Don’t forget to wash what’s in your closets.
It’s easy to forget to care for items we keep in our closets, but things like jackets, bags & sports gear need regular washing to keep them looking good. CSC recommends washing these items with the change of every season, or more often as needed.
Jackets: be sure to check washing & drying instructions beforehand.
Sports Gear: shin guards, knee pads, compression sleeves & yoga mats
Backpacks & Duffel Bags: fabric & vinyl ones can be tossed in the washer with a regular load of similar colored laundry
Soft-Sided Lunch Bags & Boxes: have potential to be contaminated with bacteria from the foods inside and need to be washed regularly.
Reusable Grocery Bags: especially those used for produce & meats should be washed after every use.
When was the last time you washed them?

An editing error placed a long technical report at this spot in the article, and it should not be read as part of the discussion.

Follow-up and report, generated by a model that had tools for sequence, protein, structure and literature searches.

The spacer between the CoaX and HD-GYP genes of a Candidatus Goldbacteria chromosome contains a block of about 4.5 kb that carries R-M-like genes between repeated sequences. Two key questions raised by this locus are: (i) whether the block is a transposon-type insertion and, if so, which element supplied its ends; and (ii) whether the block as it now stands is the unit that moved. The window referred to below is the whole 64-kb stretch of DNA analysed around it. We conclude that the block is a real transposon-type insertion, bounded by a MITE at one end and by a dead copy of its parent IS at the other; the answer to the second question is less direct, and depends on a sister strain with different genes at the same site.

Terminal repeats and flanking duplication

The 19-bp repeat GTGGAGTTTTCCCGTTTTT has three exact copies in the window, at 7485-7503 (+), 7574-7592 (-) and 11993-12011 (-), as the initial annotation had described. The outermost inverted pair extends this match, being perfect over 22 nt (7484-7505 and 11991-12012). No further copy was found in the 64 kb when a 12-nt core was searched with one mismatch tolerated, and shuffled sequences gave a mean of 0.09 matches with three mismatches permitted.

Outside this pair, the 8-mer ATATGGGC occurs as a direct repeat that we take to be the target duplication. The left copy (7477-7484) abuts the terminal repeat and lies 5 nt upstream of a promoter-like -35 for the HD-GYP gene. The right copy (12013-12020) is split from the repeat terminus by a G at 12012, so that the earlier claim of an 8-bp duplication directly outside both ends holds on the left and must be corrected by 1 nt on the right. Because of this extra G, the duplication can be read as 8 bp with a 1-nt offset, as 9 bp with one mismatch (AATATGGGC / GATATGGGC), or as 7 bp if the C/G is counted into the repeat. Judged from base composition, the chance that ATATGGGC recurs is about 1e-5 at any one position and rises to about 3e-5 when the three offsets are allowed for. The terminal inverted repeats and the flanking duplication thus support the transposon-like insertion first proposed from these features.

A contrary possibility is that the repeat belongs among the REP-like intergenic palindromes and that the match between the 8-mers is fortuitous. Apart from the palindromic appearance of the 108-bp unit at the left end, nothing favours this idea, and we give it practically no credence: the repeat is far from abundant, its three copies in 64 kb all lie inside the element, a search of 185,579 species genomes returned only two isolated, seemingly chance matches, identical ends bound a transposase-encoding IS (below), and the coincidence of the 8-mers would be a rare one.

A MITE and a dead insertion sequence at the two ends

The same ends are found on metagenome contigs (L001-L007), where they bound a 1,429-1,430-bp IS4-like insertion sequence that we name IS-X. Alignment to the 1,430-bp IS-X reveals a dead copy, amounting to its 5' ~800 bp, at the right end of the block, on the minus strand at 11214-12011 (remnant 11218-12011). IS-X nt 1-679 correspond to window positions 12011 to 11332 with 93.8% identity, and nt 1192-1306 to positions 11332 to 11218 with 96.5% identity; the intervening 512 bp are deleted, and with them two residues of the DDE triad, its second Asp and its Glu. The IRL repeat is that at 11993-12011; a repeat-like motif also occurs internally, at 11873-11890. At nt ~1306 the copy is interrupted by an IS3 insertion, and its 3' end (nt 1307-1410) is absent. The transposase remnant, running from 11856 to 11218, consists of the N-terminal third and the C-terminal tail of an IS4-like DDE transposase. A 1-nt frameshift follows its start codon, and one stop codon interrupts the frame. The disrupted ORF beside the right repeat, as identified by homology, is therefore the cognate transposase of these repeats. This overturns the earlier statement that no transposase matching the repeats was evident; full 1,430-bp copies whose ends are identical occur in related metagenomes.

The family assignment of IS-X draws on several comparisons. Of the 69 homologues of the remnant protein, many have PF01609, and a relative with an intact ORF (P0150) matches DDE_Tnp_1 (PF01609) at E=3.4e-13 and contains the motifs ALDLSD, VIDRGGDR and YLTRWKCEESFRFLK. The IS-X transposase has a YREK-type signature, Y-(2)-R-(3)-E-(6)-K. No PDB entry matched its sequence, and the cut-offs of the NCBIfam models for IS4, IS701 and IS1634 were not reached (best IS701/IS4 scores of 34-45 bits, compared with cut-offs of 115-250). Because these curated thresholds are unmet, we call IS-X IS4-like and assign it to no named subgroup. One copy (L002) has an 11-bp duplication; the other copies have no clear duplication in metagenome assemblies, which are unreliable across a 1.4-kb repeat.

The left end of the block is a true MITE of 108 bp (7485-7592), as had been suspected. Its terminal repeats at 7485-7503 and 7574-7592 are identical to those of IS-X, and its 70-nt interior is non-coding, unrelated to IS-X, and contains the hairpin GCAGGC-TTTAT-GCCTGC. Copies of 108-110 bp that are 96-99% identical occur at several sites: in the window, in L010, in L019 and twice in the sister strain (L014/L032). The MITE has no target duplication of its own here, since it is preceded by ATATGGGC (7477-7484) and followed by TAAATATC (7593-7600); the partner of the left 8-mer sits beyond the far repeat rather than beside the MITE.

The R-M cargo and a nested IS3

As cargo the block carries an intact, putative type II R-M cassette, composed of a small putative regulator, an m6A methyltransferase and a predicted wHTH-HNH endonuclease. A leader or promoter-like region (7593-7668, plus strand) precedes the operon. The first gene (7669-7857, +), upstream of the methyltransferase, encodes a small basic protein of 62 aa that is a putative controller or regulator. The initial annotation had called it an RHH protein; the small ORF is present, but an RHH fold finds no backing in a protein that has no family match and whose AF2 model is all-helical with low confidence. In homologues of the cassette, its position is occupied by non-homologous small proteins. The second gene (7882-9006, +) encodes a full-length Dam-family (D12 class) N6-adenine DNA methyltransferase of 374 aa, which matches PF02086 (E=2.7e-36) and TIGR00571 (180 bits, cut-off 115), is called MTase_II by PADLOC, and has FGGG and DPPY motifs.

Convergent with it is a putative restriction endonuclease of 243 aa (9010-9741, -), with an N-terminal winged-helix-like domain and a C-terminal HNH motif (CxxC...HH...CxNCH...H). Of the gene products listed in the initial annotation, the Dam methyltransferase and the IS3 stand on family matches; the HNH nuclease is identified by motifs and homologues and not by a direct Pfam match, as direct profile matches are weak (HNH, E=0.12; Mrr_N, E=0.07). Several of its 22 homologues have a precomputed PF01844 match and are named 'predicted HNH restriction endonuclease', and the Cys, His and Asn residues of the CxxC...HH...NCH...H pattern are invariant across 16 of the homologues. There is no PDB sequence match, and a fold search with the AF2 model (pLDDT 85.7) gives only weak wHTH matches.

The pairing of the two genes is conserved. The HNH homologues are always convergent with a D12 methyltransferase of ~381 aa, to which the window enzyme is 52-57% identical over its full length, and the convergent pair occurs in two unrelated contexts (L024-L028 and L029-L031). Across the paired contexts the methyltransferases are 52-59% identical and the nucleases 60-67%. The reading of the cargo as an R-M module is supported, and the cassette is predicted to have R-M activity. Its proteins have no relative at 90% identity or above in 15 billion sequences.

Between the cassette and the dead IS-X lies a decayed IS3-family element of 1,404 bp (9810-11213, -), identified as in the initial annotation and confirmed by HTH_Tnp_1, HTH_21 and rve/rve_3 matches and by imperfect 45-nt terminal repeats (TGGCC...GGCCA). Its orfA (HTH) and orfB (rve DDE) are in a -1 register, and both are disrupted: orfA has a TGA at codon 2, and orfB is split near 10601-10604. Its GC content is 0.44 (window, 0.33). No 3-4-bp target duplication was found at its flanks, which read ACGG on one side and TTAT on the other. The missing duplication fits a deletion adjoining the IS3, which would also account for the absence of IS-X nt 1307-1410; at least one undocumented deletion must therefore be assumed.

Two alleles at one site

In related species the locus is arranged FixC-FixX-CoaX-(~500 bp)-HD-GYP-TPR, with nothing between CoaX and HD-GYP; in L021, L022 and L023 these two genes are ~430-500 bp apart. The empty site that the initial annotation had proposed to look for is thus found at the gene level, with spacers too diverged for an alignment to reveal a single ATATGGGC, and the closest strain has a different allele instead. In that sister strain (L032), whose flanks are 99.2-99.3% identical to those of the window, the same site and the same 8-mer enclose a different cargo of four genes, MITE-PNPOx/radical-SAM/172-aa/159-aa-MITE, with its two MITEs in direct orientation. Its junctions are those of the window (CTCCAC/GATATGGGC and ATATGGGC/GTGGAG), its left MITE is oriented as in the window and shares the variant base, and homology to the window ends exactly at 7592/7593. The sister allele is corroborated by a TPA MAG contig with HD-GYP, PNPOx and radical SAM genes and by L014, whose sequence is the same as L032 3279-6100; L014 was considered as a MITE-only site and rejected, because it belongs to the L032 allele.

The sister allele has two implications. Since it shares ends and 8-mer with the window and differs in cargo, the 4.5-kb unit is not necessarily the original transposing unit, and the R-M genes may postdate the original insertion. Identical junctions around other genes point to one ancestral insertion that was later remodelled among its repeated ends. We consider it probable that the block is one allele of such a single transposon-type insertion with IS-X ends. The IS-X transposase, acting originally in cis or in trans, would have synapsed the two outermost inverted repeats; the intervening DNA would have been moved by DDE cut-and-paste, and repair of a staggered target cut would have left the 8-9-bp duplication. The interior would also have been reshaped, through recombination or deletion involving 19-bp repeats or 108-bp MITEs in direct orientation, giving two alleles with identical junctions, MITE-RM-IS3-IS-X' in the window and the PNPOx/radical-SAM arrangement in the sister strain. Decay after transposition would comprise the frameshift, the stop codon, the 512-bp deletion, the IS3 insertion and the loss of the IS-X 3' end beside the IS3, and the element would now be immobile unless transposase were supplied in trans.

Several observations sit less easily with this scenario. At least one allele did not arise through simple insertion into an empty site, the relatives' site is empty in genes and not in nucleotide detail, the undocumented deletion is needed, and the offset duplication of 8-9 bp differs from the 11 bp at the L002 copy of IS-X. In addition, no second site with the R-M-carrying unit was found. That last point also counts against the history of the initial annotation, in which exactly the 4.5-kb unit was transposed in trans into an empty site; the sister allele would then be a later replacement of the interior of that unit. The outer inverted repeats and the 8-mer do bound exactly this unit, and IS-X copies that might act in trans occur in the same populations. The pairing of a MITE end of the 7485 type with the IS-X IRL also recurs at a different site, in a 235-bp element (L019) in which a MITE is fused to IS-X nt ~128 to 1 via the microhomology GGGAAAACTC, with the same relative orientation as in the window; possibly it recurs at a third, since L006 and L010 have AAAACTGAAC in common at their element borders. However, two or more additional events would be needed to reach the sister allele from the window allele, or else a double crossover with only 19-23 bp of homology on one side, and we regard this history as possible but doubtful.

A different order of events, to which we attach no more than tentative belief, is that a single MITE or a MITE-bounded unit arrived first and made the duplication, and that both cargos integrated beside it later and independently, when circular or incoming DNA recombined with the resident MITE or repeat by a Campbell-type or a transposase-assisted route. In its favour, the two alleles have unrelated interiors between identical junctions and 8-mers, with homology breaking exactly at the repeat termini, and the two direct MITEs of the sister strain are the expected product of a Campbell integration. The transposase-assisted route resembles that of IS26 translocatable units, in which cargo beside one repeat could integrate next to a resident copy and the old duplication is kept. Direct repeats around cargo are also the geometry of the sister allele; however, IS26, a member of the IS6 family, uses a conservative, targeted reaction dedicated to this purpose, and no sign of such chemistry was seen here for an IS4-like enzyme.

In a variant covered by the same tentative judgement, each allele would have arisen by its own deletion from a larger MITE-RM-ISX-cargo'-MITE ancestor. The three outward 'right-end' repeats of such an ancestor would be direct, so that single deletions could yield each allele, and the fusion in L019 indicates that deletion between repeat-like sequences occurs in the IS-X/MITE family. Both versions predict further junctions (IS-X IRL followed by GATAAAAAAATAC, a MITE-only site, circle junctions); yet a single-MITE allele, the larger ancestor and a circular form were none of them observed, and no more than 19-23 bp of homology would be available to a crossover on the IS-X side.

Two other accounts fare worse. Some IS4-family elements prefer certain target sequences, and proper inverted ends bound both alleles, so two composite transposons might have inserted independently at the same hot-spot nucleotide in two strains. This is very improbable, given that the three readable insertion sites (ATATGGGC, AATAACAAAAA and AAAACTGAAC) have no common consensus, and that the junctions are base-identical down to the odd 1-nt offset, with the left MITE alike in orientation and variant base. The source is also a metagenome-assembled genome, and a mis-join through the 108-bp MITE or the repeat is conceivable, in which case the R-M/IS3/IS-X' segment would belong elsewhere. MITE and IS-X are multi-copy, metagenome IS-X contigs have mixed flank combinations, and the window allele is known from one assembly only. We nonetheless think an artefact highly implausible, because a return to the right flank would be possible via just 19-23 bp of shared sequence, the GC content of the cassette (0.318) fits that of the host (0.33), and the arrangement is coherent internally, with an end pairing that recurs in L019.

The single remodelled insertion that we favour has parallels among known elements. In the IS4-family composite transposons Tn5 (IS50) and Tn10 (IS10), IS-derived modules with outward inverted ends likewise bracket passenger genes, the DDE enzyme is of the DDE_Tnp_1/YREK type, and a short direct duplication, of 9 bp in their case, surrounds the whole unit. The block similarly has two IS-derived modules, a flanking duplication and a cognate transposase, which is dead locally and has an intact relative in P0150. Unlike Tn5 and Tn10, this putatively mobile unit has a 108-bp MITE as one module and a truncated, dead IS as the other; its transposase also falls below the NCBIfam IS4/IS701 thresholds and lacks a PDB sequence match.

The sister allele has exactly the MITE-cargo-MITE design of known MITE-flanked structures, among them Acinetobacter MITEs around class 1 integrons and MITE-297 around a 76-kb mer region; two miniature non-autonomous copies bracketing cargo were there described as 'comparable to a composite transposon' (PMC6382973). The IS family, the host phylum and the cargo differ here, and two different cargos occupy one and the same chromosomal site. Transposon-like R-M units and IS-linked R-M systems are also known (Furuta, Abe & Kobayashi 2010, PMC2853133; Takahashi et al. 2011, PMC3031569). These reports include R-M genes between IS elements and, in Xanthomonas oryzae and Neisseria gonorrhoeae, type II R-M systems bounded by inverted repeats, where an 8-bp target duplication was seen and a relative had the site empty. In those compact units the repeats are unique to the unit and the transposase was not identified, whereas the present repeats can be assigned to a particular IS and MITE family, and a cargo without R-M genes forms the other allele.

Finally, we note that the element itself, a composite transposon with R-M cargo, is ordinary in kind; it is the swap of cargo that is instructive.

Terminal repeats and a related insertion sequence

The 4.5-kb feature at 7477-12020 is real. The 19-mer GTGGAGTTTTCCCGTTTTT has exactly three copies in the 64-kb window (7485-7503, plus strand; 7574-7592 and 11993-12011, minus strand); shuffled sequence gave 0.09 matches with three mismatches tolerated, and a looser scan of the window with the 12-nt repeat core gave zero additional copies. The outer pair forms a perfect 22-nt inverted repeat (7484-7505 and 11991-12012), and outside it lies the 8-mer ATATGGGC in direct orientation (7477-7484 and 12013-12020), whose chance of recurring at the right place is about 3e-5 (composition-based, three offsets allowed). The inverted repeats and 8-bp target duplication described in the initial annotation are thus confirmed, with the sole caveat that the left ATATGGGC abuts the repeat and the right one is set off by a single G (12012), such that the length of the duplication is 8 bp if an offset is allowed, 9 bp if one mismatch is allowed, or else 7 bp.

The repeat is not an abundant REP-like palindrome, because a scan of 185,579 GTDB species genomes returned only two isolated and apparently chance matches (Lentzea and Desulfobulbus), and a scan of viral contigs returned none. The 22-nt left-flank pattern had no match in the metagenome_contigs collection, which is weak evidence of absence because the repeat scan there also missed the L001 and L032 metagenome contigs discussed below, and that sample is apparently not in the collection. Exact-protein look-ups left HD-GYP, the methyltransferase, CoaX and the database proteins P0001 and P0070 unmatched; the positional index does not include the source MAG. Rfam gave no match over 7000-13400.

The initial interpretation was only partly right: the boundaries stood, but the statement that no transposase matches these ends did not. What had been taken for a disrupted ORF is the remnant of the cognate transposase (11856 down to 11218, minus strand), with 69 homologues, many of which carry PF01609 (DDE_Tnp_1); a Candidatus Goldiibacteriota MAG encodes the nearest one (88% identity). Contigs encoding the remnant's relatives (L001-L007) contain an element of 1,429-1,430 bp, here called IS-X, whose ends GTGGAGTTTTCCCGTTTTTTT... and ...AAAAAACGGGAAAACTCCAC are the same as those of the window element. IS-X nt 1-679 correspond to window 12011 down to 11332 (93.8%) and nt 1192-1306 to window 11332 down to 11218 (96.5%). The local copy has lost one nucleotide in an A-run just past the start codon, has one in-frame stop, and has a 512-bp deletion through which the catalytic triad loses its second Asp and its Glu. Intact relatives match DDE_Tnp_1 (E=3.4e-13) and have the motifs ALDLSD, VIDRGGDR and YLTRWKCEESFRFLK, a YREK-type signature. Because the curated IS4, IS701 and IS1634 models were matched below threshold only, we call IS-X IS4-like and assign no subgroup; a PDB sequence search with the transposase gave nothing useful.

Studies show that washing sheets weekly can lead to better sleep – and we all know there’s nothing better than crawling into bed with clean ones. But what about clean pillows, mattress pads, blankets & comforters – when was the last time you washed them.
Just a few tips before you get to washing.
- Feather or polyester-filled bed towels & mattress pads can be tossed in the washing machines – foam ones cannot.
- Make sure to give pillows, pads & comforters room to move, and don’t overfill the washer.
- Follow instructions on tags for heat or air drying.
Tips for making your clothes look like new
1. Reduce the amount of detergent you use in the washing machine.
More doesn’t always mean better, especially when it comes to laundry detergent. Too much detergent can leave a powdery residue or dull sheen on your clothes. Best to use the very minimum recommended for your washing machine or, better yet, use detergent pods.
2. Keep pet hair in check.
If you have a cat or a dog in your home, you have pet hair on your clothes. However, too much pet hair can damage the fibers in your clothing and cause them to break down—a good reason to keep on top of brushing pet hair from your clothes or removing it with tape.
3. Wash dark clothing inside out.